|2||Lecture No 2 with group activities and discussions: Team Leadership Concepts and Definitions Learning to Lead in Work Teams||Content: Defining team leadership Exploring types of leadership, including informal, formal, and shared Major team leadership theories and models Developing emotional intelligence for team leadership Activities: Understanding and sharing leadership journeys Capabilities for successful team leadership Individual development needs for team leadership Readings: Ibarra, H and Hansen, M. (2011). Are you a collaborative leader? Harvard Business Review. July-August, 2011. On-line edition: https://hbr.org/2011/07/are-you-a-collaborative-leader Additional readings as provided on Wattle Resource: Bolton, R. (2009). People Skills. Simon and Schuster. New York. eBook available on-line.|
|3||Lecture No 3 with group activities and discussions: Team Formation and Early Development||Content: Team formation Review of research on models of team development Team norms, goal and ground rules Activities: Student presentations on team leadership reflections and goals Project Team formation First Project Team Meetings - Clarifying team goals and developing ground rules Readings/Video: Nestor, R. (2013). Bruce Tuckman’s Team Development Model. Leadership Foundation for Higher Education, UK. PDF version is available on Wattle site. Cheruveil. K. S., Soranno, P. A., Weathers. K. C., Hanson, P. C., Goring, S. J. and Filstrup, C. T. (2014). Creating and maintaining high performing collaborative research teams: The importance of diversity and interpersonal skills. Frontiers in Ecology and the Environment. Vol 2, Issue 1, February 2014, pp 31-38. On-line edition: http://onlinelibrary.wiley.com/doi/10.1890/130001/full . Drexler, A. , Sibbet, D., & Forrester, K. (1988). The team performance model. In W. B. Reddy, B. K. and Jamison, K. (Eds.), Team building: Blueprints for productivity and satisfaction. pp. 19-31. University Associates. San Diego, CA. PDF summary available at: https://www.fbi.h-da.de/fileadmin/personal/n.paul/PM_Vorlesung/03_Drexler_Sibbet_Team_Performance_Model.pdf . Delizonna, L. (2017.) High-performing teams need psychological safety. Here’s how to create it. Harvard Business Review. Reprint HO3TK7. Published on HBR.org, August 24, 2017. Additional readings as provided on Wattle. Personal Reflection on Team Leadership Capability and Learning Objectives due Friday Week 3|
|4||Lecture No 4 with group activities and discussions: Leadership - Authenticity, Trust, Power and Influence||Content: Authenticity in team leadership Interpersonal skills and strategies for building trust in teams and collaboration Theories of power and influence Activities: Influencing exercise Second Project Team Meetings - Clarifying team goals and developing ground rules Readings: Leadership and trust: Their effect on knowledge sharing and team performance. Management Learning. Vol 41, Issue 4, pp. 473 –491. Additional readings as provided on Wattle|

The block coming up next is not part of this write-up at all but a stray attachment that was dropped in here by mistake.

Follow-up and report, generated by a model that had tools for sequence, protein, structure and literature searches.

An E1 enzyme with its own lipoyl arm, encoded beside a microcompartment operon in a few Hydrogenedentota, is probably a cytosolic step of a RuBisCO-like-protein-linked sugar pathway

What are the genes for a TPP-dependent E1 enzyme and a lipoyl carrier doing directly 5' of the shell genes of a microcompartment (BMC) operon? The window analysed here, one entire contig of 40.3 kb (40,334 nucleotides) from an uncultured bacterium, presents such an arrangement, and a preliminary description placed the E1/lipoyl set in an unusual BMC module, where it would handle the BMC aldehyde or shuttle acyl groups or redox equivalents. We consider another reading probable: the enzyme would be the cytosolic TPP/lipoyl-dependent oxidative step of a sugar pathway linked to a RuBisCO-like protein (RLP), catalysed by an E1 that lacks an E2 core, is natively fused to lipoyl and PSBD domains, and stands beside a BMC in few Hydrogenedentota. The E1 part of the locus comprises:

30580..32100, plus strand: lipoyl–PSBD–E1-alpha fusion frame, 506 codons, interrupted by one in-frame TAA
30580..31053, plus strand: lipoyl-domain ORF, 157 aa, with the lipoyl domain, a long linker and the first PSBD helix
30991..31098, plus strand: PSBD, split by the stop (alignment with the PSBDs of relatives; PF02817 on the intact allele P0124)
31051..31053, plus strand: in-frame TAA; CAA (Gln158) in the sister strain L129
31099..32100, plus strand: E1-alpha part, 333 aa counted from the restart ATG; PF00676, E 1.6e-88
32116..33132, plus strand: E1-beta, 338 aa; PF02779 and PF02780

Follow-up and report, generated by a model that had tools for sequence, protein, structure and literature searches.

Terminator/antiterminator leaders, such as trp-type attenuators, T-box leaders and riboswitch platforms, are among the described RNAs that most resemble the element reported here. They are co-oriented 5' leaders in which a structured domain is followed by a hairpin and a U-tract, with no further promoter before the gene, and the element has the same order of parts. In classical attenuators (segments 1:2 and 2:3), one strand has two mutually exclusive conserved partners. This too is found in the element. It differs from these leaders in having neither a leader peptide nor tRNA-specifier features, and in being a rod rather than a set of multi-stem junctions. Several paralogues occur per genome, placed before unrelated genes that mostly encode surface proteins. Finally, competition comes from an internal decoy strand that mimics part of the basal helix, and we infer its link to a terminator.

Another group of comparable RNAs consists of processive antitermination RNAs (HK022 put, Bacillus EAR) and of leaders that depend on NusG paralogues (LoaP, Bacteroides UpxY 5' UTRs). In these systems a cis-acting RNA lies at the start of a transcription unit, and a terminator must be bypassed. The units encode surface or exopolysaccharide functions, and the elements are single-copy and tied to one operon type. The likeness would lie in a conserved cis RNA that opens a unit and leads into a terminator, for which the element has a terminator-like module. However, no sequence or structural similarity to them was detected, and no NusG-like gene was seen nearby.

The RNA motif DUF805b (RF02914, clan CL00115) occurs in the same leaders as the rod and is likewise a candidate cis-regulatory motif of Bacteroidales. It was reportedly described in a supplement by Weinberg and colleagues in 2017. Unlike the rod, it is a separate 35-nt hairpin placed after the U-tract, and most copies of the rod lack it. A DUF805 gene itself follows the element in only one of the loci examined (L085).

|5||Lecture No 5 with group activities and discussions: Leadership and Team Communications||Content: Characteristics of effective communication in teams Cores skills for team communication: listening, assertiveness, facilitation, dialogue, conflict management Activities: Team communication exercise Third Project Team Meeting - Preparing for the project Readings: Cheruveil. K. S., Soranno, P. A., Weathers. K. C., Hanson, P. C., Goring,, S. J. and Filstrup, C. T. (2014). Creating and maintaining high performing collaborative research teams: The importance of diversity and interpersonal skills. Frontiers in Ecology and the Environment. Vol 2, Issue 1, February 2014, pp. 31-38. Resource: Hunter, D. (2007.) The art of facilitation: the essentials for leading great meetings and creating group synergy. Jossey Bass. San Francisco, CA Additional Readings as provided on Wattle.|
|6||Lecture No 6 with group activities and discussions Knowledge: Its Generation, Sharing and Flow in Teams and Organisations||Content: The nature of knowledge Tacit and explicit knowledge Knowledge generation and sharing in work teams and organisations Activities: Understanding tacit knowledge Team meetings with the Project Client Readings: Marshall, R. J. and Begeman, M. (2005) Necessary but not sufficient: the role of expertise in technical team success. Cutter IT Journal. Vol 18, No 2, pp. 5-10. Kudaravalli, S. Faraj, S. and Johnson, S. L. (2017.) How to get experts to work together effectively. Harvard Business Review. May 10, 2017. Additional readings as provided on Wattle Reflection on Project Team formation due Tuesday Week 6.|
|7||Lecture No 8 with group activities and discussions Creativity and Innovation||Content: Creativity and innovation in work teams Enhancing individual and team creativity Organisational support for creativity Activities: Team creativity challenge Progressing team project Team meetings with the Project Client (if required) Readings: Sunstein, C. R. and Hastie, R. (2004). Making Dumb Groups Smarter. Harvard Business Review. December, 2004. On-line edition: https://hbr.org/2014/12/making-dumb-groups-smarter. Additional readings as provided on Wattle|